Facebook Spearheads Resistance to Tough California Privacy Bill
It seems Facebook can't make up its mind about privacy. Last week, it tried to hang Google out to dry in an inept effort to blast its Social Search for invading users' privacy. This week, it's cozying up with Bing, allowing the Microsoft search engine to draw on its user data to do the same thing. Plus, it's leading a bunch of other tech companies to oppose a privacy protection bill introduced in California's Senate.
May 17, 2011 12:42 PM PT
Facebook and other Internet sites have joined forces to oppose the Social Networking Privacy Act (SB 242), pending California legislation that would require them to change the way they handle user privacy online.
Facebook, Google, Twitter, Skype, Match.com, eHarmony and Yahoo are among the companies that signed an open letter to the bill's sponsor, Sen. Ellen Corbett.
Meanwhile, Microsoft has further integrated its Bing search engine with Facebook. The hookup will allow Bing to deliver pages "liked" by a user's friends.
It was only last week that Facebook ended up with egg on it face for hiring PR firm Burson-Marstellers to spread negative stories about privacy concerns regarding Google's Social Circle -- a feature that attempts to incorporate social data in search results in much the same way.
After the smear campaign was exposed, Facebook insisted that its concerns were real, although its tactics had been misguided.
The sequence of events suggests Facebook's actual position on privacy lacks clarity, to say the least.
Opposition to California Bill
The joint letter from Facebook et al. to Corbett contends that current social networks offer privacy choices regarding the context of users' personal data.
"Many social networking sites currently offer what are known as 'contextual' or 'just-in-time' privacy or visibility controls," notes the letter. "This practice, recognized in a recent report of the Federal Trade Commission as a best practice, lets the user make decisions about use of their data within the context of the use of that data. These options give users real-time information and decision-making power about specific uses of information."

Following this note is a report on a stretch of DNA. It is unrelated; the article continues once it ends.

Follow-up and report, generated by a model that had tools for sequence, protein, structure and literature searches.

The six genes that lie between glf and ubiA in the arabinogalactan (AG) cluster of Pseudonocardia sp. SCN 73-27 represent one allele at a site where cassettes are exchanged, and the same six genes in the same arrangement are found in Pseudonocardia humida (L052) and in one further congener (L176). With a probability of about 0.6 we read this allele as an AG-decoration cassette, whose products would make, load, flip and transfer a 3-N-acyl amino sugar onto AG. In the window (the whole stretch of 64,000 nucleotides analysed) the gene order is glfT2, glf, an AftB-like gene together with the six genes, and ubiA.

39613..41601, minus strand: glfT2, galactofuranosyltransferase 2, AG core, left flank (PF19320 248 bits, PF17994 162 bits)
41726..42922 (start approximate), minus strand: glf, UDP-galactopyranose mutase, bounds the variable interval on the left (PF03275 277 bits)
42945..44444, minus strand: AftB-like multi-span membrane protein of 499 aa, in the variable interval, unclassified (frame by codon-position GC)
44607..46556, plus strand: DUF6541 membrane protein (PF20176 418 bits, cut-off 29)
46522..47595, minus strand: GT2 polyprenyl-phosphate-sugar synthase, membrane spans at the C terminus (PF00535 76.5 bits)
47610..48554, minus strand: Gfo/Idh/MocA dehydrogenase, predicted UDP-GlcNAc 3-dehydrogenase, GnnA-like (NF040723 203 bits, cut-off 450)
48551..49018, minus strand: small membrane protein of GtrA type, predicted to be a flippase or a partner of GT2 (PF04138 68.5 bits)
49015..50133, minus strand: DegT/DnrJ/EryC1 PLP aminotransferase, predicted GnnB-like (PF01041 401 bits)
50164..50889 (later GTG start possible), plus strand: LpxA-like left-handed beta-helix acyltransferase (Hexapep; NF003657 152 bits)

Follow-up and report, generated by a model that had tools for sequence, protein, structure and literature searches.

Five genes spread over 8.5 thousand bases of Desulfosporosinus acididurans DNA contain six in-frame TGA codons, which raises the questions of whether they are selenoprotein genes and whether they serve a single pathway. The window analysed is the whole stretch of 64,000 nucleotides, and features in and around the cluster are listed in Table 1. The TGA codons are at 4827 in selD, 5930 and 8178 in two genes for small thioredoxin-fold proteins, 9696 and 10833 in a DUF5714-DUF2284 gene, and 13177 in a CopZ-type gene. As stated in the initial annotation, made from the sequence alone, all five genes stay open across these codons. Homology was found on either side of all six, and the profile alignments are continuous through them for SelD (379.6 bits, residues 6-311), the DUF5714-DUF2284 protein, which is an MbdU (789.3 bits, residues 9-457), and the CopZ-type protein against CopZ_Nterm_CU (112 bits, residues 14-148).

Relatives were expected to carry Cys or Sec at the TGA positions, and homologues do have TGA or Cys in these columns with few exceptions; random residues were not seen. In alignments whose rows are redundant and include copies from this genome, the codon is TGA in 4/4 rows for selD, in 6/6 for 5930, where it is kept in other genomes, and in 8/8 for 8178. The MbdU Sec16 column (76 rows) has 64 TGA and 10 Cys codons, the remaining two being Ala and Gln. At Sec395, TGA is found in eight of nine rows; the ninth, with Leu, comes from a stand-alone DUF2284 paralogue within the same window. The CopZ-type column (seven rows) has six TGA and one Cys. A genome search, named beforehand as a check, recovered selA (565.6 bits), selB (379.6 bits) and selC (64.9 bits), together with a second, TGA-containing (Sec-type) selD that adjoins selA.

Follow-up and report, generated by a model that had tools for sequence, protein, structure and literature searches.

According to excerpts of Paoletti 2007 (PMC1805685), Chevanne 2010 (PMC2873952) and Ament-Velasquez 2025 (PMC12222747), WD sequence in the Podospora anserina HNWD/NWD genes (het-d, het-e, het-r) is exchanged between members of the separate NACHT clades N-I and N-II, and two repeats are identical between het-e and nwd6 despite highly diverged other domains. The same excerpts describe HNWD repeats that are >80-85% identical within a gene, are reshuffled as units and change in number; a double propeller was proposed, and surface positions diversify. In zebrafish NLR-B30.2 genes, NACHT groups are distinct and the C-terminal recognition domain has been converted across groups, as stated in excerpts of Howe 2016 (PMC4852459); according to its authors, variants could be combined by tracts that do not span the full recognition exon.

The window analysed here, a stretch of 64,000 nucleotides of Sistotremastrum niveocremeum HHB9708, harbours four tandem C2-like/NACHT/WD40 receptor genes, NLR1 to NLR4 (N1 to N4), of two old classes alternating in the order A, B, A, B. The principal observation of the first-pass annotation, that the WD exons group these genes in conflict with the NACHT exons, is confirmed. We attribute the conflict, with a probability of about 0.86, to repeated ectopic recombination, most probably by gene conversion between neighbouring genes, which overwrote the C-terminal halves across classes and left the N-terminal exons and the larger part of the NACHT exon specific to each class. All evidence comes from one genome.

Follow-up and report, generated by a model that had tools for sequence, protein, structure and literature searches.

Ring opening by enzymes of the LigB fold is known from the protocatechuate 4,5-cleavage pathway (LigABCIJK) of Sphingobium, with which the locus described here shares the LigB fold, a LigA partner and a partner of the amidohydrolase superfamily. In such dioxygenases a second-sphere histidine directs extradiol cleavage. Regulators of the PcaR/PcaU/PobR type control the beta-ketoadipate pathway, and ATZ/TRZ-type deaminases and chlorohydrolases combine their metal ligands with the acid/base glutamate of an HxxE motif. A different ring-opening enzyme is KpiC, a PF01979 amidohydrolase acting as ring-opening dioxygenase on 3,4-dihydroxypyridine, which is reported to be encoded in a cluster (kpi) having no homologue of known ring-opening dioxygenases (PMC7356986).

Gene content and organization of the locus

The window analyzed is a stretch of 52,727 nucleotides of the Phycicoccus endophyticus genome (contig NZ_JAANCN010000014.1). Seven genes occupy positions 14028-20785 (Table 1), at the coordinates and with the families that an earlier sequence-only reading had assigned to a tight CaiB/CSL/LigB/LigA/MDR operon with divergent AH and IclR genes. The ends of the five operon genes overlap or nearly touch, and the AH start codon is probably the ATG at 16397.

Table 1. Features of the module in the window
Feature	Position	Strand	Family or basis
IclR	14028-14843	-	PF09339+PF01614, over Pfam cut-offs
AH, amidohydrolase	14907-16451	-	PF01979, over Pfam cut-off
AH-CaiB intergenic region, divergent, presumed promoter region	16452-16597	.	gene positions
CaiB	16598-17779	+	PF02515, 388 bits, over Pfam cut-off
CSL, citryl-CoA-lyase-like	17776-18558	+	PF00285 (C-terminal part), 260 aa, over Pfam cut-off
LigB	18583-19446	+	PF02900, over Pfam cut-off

The letter states that the bill is unnecessary because there are no substantiated concerns regarding the privacy of information on social networks.
"The May 10 version of SB 242 gratuitously singles out social networking sites without demonstration of any harm," noted the letter. "There is no indication that California users of social networking sites are less sophisticated or more vulnerable than those Californians who do not use social networking sites, or that social networking sites are failing to appropriately communicate existing choices to their users."
The companies cite a research report in support of their contention that there have been no problems with Californians being unable to remove information from social networks.
"Pew's study found that only 8 percent of social networking site users had ever asked that information posted about them be removed, and reported no indication that such requests were being denied in droves," the letter states.
Facebook Risks Consumer Trust
Facebook's views on privacy seem to sway based on its corporate allegiances. Google is good at releasing products that can quickly boom into popularity, and Facebook may be worried about competition.
"Facebook badmouthing Google's Social Search, yet supporting Microsoft's Bing is easily explained: Microsoft is an investor in Facebook," Carl Howe, director of anywhere consumer research at the Yankee Group, told TechNewsWorld. "As such, Facebook isn't about to criticize their investors."
Facebook has been accused of weak privacy practices in the past, and now it wants to point the finger at someone else. Both Facebook and Google deal in considerable personal information and sharing.
"Facebook criticizing Google Social Search is really the pot calling the kettle black," said Howe. "Both companies today profit from the use of personal information. And based on last week's astroturf scandal, I think Facebook will have to do more to regain consumers' trust."
Facebook Will Fight Any Privacy Rule
When it comes to privacy rules, Facebook has long contended its users like the openness of the site. While some Facebook features raise the hackles of privacy advocates, Facebook contends the features are embraced by the site's members.
"Facebook appears to oppose any legislation which would provide any basic privacy protections to its users or to any social networking site," Lenny Goldberg, lobbyist for the Privacy Rights Clearinghouse, told TechNewsWorld.